Every Wednesday

Every Wednesday I will post something about grief. Sometimes it will be a reflection on an aspect of grief’s landscape. Now and then I will share from my own journey of grief, because in the sharing of our stories we find strength and build a community of people that support one another.

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Tuesday, November 11, 2014

The Invisible Something

What Invisible Something holds the Sierra Nevada Mountains up? What sustains the giant sequoias as they grow to be 30 feet around, 300 feet tall, and live for 3000 years? What inspires the rivers to dance and sing in the cascades?

In his “Autumn” poem, Rilke says that everything is falling — “the heavy earth is falling away from all the other stars in the loneliness.” I feel this at times, the heaviness, the sorrow, despair, the general listless dragging down toward earth.

And yet, after the leaves have fallen to the ground and the trees are bare, I can see the other side of the woods, and how untethered I feel from the earth, as if I could float up above the mountains. The air is cool and dry, and I feel lighter and lifted up. The southern slant of sunlight, the bright colors of the season, and the fresh, crisp air make me want to start something new.

But what holds the world together in the time of heaviness?

I think it is the assurance nestled in the back of our minds that there are seasons to life, that after the heaviness, we will feel lifted up. After the darkness, light will eventually return. And after death, there will be rebirth, although probably not in ways that we expect, and seldom as soon as we want it, but still rebirth.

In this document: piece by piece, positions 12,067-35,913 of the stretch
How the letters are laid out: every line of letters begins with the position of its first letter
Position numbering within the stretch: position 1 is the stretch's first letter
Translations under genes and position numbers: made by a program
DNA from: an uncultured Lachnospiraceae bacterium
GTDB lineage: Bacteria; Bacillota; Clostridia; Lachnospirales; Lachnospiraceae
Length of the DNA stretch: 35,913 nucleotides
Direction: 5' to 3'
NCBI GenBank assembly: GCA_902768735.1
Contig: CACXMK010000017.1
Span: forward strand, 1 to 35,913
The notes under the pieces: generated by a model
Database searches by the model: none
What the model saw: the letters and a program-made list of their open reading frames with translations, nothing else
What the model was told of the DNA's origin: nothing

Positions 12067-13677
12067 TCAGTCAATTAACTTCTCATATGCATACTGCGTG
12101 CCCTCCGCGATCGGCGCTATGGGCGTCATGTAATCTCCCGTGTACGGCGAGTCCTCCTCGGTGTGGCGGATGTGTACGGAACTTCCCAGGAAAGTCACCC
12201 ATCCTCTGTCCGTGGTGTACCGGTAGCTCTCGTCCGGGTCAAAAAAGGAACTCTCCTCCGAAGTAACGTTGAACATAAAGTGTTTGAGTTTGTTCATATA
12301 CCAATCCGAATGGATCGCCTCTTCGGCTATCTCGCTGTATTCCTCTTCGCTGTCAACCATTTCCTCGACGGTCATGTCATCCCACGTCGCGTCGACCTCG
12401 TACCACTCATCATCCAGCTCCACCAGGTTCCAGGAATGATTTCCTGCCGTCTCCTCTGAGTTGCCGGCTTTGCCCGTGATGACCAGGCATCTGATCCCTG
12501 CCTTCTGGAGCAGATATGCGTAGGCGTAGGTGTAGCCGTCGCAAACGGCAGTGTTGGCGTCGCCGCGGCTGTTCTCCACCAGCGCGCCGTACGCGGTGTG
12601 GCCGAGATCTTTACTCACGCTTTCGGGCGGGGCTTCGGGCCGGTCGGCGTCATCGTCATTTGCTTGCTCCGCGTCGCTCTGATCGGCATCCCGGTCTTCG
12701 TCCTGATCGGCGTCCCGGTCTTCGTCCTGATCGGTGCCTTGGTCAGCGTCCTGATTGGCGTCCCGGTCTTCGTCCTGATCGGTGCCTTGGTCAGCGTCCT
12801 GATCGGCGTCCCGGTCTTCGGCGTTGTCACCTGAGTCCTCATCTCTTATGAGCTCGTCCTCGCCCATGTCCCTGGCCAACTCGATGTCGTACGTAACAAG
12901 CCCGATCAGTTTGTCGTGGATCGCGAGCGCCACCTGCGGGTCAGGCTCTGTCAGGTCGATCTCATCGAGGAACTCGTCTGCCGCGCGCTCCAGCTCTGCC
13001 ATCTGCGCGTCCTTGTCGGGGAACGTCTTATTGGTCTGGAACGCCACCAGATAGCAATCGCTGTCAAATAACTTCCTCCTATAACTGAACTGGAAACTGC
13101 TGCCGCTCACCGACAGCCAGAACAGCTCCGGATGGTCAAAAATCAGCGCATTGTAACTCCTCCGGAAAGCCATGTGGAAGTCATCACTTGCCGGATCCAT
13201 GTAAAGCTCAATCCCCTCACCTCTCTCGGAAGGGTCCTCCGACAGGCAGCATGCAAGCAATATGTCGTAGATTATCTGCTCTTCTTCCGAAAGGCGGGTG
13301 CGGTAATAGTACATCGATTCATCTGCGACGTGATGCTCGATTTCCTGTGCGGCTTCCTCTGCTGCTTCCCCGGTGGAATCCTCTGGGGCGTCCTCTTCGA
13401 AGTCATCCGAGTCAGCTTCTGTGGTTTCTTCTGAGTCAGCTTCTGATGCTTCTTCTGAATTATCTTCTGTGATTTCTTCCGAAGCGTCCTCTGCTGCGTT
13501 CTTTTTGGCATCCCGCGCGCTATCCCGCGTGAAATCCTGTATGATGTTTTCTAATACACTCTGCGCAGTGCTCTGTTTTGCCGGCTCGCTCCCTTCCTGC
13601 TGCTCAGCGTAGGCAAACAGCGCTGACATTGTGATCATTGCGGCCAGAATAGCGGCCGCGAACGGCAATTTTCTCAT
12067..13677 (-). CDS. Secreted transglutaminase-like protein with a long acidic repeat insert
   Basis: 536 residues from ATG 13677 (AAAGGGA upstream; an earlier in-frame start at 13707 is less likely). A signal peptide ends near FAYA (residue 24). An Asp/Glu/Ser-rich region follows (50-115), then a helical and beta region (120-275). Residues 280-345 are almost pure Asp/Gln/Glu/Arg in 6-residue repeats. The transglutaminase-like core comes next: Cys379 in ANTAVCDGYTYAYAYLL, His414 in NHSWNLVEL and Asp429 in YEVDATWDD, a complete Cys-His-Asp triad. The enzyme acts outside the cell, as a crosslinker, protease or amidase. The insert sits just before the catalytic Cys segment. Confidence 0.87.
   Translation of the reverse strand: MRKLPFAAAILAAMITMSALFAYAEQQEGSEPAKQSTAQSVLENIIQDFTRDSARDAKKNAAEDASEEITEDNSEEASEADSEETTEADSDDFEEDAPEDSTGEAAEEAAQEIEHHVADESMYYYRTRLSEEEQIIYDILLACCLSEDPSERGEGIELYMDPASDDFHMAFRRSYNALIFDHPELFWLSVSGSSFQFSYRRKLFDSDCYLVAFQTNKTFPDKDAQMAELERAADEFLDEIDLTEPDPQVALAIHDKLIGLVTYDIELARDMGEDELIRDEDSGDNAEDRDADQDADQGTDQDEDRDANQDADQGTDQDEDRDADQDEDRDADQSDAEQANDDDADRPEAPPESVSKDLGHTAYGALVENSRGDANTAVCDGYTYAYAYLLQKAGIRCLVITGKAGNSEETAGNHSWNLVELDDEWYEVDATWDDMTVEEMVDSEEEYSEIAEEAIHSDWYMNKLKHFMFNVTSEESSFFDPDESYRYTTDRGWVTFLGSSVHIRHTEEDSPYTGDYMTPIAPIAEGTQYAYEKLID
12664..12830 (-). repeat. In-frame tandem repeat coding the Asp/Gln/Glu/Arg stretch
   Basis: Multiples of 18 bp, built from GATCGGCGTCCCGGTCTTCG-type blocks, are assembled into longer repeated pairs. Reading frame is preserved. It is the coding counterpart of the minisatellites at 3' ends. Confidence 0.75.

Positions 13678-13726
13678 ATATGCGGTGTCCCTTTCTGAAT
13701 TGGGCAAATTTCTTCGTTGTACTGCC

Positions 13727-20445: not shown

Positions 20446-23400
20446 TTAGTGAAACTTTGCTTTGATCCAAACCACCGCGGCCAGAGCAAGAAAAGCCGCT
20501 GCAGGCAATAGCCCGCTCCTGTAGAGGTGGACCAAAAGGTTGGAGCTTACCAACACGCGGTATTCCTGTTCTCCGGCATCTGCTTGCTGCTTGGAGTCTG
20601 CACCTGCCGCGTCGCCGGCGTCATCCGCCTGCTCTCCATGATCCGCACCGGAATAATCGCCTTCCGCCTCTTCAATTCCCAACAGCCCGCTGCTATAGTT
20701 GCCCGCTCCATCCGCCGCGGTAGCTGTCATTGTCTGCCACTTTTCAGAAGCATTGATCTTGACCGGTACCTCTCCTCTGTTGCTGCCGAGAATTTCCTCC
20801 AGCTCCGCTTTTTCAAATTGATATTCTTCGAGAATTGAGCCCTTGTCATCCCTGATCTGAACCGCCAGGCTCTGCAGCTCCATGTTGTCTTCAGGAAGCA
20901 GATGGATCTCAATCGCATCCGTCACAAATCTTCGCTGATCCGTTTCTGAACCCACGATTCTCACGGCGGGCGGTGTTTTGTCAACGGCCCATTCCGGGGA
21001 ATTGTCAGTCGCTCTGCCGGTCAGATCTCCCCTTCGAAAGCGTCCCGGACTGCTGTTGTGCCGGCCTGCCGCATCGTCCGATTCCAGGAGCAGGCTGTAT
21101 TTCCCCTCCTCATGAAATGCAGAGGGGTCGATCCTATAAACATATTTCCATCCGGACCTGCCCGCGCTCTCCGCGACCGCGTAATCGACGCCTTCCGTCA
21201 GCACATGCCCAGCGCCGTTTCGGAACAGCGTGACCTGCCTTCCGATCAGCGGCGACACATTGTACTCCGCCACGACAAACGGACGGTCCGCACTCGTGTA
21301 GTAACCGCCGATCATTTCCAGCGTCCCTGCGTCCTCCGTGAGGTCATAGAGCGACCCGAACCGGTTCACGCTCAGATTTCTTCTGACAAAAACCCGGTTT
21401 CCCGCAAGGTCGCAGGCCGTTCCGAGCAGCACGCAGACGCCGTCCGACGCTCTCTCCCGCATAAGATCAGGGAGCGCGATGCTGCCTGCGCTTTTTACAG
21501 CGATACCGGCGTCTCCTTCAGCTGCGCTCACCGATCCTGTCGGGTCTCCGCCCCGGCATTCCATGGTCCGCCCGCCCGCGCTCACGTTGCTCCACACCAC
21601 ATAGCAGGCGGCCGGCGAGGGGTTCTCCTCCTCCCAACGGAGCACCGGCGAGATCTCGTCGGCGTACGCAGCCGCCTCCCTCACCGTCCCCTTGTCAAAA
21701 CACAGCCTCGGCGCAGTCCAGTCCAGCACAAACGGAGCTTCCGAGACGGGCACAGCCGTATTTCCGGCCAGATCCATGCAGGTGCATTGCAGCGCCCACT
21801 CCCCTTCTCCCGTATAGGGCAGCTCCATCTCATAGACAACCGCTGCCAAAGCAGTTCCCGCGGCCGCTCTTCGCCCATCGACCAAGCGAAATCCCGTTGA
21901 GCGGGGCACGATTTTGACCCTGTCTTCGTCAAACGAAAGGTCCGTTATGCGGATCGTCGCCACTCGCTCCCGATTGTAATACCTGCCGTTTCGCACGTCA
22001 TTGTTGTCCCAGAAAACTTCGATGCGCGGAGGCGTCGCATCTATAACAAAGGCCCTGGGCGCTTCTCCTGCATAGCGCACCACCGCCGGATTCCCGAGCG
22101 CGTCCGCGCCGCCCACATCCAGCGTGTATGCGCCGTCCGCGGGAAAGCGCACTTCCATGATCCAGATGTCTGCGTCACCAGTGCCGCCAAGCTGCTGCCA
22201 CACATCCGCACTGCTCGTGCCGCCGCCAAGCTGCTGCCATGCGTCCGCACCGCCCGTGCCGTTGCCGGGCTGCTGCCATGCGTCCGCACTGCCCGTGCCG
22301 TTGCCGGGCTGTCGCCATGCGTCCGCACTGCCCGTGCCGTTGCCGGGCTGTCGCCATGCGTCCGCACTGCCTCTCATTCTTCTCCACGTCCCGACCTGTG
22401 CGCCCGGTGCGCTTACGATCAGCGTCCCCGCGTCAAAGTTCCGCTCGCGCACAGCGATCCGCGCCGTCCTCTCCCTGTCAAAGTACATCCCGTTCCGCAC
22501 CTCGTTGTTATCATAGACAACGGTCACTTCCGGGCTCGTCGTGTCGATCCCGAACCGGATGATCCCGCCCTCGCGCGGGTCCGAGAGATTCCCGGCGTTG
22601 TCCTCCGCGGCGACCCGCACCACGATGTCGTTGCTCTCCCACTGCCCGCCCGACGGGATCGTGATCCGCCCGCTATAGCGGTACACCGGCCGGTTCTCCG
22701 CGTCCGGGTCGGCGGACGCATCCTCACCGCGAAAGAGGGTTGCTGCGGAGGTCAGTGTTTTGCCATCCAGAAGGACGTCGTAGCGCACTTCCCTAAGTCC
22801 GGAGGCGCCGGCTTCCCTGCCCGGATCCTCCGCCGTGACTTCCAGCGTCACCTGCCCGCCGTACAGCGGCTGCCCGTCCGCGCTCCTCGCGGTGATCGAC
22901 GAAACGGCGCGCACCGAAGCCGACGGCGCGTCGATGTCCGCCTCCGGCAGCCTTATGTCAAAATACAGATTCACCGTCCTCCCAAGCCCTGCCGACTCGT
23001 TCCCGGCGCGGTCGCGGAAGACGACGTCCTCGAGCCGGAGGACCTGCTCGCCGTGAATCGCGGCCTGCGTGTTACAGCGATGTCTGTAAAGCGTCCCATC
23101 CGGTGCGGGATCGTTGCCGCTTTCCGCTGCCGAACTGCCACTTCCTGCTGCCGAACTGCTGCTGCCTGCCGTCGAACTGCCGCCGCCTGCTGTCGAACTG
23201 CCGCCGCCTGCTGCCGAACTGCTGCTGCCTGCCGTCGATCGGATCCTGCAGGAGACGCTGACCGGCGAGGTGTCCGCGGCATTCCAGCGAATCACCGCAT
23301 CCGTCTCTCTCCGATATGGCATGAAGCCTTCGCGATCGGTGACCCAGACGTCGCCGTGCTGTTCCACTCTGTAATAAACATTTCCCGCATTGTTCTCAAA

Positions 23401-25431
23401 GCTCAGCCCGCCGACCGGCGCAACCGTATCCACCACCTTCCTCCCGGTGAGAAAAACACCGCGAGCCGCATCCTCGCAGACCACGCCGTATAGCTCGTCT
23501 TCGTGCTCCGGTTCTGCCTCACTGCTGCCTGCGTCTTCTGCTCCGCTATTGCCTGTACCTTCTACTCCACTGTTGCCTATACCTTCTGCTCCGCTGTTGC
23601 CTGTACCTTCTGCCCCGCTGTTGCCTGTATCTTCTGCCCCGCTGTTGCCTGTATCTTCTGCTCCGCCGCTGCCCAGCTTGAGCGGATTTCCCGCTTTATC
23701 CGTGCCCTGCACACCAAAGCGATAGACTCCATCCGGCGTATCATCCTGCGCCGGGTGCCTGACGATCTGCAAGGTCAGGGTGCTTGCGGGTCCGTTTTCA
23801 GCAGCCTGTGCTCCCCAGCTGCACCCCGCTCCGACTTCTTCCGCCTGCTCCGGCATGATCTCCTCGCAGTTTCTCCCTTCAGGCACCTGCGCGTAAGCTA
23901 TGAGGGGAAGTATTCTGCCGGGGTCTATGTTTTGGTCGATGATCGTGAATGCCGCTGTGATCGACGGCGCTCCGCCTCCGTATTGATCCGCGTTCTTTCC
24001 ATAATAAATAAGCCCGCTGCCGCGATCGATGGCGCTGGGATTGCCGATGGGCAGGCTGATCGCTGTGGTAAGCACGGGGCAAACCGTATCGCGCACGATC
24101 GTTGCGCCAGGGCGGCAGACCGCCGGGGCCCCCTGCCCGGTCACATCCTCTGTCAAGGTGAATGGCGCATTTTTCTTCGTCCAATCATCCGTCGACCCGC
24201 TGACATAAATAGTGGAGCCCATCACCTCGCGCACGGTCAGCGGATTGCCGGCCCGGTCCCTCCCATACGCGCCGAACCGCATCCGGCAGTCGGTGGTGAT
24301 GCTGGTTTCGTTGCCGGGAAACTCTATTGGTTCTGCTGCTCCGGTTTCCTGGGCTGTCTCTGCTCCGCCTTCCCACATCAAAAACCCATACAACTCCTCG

At times it is people who hold me up when my life falls apart, or an amazing essay, or words I write that come on their own from some mysterious place and are more profound than what I understand. Often I’ll have unexpected conversations with strangers who show up just when I need them. Or a deer appears outside my window. A barred owl. Or a pod of silent, attentive ravens.

The ancient Celtic people believed that every day there would be something to mourn as well as something to celebrate, and they wanted to honor them by both crying and laughing. If we were paying attention to the lives of the people around us, they believed that we would see the sorrow that some had to bear as well as the joy that came unbidden to others.

The gravity of grief, of thousands and thousands of leaves falling, and feeling that each leaf is part of us, breaking off and falling away, is held up by the infinite calm of the universe in all its glory, the Invisible Something. And we are held up by the levity and strength of our love for each other.

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